While on loan last year with French side Reims, Balogun scored 21 goals — fourth-best in the league — and added two assists. But returning to Arsenal, he faced deep competition at the position for playing time on a team with immediate title aspirations.
While playing with Monaco might hold less prestige and be less visible than Arsenal for American fans, it’s likely a much better path forward for his long-term development.
He would have struggled to find playing time at Arsenal, likely behind Gabriel Jesus and Eddie Nketiah in the pecking order and having never played significant time in the Premier League.
As an expensive acquisition for Monaco, he’ll have a featured role on offense and should have secured regular playing time. And having already played in the league, there won’t be any adjustment needed.
From the USMNT’s point of view, Balogun playing regularly is crucial to his development — managers often place an emphasis on players who are in form and playing routinely, as there is far less time to ramp up and prepare before international competitions.
While it might have dragged on throughout the summer, Balogun is where he needs to be.
And soon, it should help prepare him to take the USMNT where it needs to be.
A thin line between fair and foul
Big fights and controversy seemingly go hand-in-hand.
The latest delivered a low blow heard ’round the world.
Or was it?
Oleksandr Usyk successfully defended his WBO, WBA and IBF unified heavyweight world titles against Daniel Dubois Saturday night in Poland via a ninth-round TKO. But they nearly didn’t get that far after an uppercut that has split the boxing world in half.
In the fifth round, Dubois sent Usyk stumbling to the ground with what appeared to be a crunching uppercut bodyshot. But Usyk quickly grabbed his groin area and referee Luis Pabon ruled it a low-blow, giving him as much time as needed to get up rather than a 10-count.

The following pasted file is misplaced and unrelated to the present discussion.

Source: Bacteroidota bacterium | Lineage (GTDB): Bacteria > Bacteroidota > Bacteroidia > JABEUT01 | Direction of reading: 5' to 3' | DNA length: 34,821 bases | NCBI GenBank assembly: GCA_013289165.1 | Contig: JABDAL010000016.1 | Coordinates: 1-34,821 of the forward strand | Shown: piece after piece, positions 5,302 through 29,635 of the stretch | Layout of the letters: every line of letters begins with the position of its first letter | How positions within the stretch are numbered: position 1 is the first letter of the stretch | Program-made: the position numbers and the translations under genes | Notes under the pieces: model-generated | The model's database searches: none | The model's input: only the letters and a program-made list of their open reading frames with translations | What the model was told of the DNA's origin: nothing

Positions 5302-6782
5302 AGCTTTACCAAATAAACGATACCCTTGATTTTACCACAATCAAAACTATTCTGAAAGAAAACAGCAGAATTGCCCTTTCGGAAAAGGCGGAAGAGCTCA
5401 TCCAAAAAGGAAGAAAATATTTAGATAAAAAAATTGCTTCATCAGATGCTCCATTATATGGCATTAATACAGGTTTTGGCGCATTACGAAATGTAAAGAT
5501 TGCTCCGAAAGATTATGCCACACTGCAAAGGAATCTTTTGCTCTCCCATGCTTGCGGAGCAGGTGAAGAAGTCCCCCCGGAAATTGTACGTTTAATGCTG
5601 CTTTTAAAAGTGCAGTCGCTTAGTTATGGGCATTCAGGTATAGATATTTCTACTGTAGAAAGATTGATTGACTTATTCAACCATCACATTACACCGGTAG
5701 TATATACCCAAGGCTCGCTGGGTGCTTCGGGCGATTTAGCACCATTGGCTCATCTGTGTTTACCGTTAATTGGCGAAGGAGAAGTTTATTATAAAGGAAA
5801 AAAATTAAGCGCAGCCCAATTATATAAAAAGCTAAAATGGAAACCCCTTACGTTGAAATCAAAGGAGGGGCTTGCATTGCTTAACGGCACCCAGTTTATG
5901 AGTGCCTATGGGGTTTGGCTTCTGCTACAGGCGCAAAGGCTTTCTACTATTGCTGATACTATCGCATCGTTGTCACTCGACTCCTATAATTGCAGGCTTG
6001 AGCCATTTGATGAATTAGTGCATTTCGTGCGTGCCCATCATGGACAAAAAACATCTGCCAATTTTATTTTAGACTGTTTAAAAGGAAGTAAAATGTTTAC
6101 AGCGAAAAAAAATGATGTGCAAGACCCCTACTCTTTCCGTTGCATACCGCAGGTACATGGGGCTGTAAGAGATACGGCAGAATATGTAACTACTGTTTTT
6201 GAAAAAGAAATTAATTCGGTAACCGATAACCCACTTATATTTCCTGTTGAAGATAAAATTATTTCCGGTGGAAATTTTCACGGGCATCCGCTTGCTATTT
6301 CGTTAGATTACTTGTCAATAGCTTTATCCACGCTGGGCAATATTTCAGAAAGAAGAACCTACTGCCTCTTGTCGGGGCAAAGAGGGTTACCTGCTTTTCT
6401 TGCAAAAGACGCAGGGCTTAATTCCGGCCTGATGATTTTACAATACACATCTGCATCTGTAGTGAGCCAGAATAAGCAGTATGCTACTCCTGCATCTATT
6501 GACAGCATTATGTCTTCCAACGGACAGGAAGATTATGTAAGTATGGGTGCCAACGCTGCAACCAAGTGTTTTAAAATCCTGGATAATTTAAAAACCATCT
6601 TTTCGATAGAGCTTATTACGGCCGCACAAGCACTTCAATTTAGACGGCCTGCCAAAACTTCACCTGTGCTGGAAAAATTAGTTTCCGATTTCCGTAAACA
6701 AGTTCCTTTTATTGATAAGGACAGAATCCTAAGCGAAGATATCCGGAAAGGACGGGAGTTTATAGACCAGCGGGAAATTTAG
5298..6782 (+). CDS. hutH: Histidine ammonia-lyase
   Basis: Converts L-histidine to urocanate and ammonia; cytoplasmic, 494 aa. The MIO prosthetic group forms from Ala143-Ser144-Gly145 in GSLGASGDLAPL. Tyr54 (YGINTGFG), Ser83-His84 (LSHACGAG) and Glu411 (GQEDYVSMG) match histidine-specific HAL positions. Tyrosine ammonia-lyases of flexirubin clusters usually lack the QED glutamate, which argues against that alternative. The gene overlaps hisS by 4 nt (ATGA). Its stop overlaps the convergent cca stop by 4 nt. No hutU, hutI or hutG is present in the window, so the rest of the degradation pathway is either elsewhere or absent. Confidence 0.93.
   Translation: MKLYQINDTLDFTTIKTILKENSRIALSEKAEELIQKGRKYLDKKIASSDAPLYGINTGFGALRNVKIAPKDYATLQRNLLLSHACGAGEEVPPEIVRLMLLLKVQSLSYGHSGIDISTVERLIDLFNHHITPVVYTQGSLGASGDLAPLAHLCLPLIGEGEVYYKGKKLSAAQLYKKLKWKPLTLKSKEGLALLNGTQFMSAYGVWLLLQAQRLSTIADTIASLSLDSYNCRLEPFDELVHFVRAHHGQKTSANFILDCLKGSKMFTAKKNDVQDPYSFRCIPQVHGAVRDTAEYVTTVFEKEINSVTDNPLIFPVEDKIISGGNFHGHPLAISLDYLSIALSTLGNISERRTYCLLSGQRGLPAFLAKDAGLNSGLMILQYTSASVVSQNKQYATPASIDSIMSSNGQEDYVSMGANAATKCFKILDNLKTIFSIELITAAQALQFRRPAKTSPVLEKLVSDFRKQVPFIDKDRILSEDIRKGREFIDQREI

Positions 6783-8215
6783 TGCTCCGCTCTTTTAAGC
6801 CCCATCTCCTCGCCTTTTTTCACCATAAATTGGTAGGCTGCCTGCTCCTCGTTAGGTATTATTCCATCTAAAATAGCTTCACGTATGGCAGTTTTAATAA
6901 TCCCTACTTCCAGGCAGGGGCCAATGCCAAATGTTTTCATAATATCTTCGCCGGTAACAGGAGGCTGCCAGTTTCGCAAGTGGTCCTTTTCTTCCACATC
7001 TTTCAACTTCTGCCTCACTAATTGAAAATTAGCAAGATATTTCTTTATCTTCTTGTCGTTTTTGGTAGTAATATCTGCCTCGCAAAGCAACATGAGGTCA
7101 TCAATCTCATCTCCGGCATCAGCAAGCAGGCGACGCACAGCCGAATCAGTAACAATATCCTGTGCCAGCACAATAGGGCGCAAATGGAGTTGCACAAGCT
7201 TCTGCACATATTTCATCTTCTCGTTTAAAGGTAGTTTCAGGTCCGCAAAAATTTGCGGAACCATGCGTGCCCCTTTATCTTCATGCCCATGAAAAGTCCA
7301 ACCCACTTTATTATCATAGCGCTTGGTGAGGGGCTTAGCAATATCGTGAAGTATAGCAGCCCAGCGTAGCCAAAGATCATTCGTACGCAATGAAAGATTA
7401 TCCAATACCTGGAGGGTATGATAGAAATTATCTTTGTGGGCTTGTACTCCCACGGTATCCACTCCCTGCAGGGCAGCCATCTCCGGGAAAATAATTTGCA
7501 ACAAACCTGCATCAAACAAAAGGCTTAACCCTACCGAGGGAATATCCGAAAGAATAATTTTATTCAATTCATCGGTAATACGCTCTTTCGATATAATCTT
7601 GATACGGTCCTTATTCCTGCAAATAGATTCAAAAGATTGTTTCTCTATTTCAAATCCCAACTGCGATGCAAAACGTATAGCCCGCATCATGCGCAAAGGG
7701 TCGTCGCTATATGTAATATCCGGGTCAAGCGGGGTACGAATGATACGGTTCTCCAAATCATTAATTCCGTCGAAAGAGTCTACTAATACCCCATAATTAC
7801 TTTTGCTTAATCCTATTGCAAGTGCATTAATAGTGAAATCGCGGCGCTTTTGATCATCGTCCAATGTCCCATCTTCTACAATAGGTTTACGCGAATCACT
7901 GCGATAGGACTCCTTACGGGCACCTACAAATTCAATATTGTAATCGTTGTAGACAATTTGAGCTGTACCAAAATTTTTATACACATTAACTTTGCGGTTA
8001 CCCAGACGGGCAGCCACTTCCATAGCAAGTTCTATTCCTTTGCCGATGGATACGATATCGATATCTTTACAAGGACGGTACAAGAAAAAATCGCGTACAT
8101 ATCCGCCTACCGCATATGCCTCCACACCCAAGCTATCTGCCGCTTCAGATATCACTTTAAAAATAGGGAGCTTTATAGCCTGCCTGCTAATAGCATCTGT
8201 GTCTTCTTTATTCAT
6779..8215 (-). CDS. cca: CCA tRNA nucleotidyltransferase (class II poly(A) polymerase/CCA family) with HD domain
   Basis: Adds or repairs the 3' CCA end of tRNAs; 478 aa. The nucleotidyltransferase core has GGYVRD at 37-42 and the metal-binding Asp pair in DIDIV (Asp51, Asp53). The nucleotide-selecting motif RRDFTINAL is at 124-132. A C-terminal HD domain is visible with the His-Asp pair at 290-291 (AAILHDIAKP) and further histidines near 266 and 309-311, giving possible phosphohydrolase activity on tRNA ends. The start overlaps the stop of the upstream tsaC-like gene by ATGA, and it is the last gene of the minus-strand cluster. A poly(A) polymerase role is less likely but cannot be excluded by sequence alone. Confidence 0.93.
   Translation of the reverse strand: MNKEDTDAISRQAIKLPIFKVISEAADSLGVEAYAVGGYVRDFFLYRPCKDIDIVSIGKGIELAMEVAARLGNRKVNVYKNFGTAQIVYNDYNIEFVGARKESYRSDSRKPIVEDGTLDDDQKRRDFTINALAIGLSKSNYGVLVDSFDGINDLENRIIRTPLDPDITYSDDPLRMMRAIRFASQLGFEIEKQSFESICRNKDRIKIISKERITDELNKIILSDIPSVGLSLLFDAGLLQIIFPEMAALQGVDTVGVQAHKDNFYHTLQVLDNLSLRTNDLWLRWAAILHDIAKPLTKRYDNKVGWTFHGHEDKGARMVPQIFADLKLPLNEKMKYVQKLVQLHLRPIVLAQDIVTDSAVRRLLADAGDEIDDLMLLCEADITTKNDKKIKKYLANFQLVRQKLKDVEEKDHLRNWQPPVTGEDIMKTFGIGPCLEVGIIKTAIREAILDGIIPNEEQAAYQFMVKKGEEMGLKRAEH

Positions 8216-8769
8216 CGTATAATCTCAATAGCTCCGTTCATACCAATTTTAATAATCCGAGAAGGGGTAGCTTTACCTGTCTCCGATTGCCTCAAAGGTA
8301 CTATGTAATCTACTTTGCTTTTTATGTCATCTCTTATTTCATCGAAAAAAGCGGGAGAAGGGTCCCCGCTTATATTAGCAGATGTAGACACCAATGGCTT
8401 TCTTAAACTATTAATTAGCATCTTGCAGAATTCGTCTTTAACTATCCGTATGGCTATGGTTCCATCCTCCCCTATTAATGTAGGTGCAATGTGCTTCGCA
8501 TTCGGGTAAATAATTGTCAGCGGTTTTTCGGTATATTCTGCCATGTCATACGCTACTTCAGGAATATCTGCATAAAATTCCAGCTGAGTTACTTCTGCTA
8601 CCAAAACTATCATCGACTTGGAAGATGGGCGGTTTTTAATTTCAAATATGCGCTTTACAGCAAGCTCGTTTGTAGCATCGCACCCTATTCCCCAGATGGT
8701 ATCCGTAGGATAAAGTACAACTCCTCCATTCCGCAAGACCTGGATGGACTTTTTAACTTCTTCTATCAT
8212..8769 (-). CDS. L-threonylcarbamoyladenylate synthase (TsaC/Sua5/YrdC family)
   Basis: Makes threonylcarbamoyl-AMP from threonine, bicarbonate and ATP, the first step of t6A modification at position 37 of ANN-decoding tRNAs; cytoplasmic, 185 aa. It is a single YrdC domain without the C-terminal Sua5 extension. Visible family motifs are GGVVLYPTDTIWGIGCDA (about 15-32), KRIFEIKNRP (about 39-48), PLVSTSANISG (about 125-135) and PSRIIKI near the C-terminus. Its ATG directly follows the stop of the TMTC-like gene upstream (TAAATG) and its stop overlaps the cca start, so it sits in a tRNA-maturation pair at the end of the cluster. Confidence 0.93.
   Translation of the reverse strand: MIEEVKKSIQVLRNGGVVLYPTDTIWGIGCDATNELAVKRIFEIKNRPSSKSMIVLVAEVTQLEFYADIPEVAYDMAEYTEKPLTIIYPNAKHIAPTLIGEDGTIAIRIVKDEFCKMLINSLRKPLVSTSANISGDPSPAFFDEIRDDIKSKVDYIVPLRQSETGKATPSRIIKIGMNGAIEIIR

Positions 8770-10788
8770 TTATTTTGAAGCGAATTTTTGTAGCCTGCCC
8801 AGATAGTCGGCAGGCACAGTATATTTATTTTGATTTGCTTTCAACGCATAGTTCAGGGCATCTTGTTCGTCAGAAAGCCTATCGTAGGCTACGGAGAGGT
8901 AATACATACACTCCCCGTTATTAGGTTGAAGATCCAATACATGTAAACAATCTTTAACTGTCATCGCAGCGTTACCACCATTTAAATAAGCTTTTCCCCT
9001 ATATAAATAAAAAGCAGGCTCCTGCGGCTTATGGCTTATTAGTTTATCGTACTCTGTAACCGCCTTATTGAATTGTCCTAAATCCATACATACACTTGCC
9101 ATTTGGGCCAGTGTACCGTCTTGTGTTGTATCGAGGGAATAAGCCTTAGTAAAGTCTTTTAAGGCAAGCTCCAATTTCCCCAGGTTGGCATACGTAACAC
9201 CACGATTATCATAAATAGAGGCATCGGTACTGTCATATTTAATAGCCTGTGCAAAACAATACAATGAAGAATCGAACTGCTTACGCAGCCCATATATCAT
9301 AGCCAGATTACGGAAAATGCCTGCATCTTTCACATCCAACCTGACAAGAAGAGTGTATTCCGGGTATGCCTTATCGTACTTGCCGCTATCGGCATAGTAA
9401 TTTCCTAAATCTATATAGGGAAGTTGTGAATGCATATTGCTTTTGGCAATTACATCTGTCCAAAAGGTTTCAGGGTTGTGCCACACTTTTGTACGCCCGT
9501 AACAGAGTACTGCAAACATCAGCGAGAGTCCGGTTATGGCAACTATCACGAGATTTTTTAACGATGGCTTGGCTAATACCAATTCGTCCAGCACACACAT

For his part, Usyk said he would have gotten up if the referee began counting, but he was visibly hurt and appeared to be shaken up. Dubois, his camp and promoter Frank Warren have called it a robbery, claiming that the punch was legal and that they were cheated out of an upset unified world title.
On replay, Dubois’ right hand appears to be making contact high enough with Usyk’s body, but since it was an uppercut, it’s difficult to gauge exactly where he began to make contact.
Regardless, it underscores a larger problem in the sport. Boxers have increasingly worn their trunks as high as possible, attempting to minimize the amount of space of their body they’re allowed to be hit. Referees in turn often mark a spot on their trunks that indicates what’s too low and what’s legal.
But in real time, it’s often difficult to see a made-up spot on someone’s trunks rather than simply the waist line being the indicator. Usyk was wearing his trunks high against Dubois, and though he could have marked them in the dressing rooms beforehand, Pabon did not mark any spot on Usyk’s shorts when he gave his instructions in the ring.
And as so often happens as a result, what was anticipated as an exciting fight between the current and next generation has now been clouded in controversy and scorn.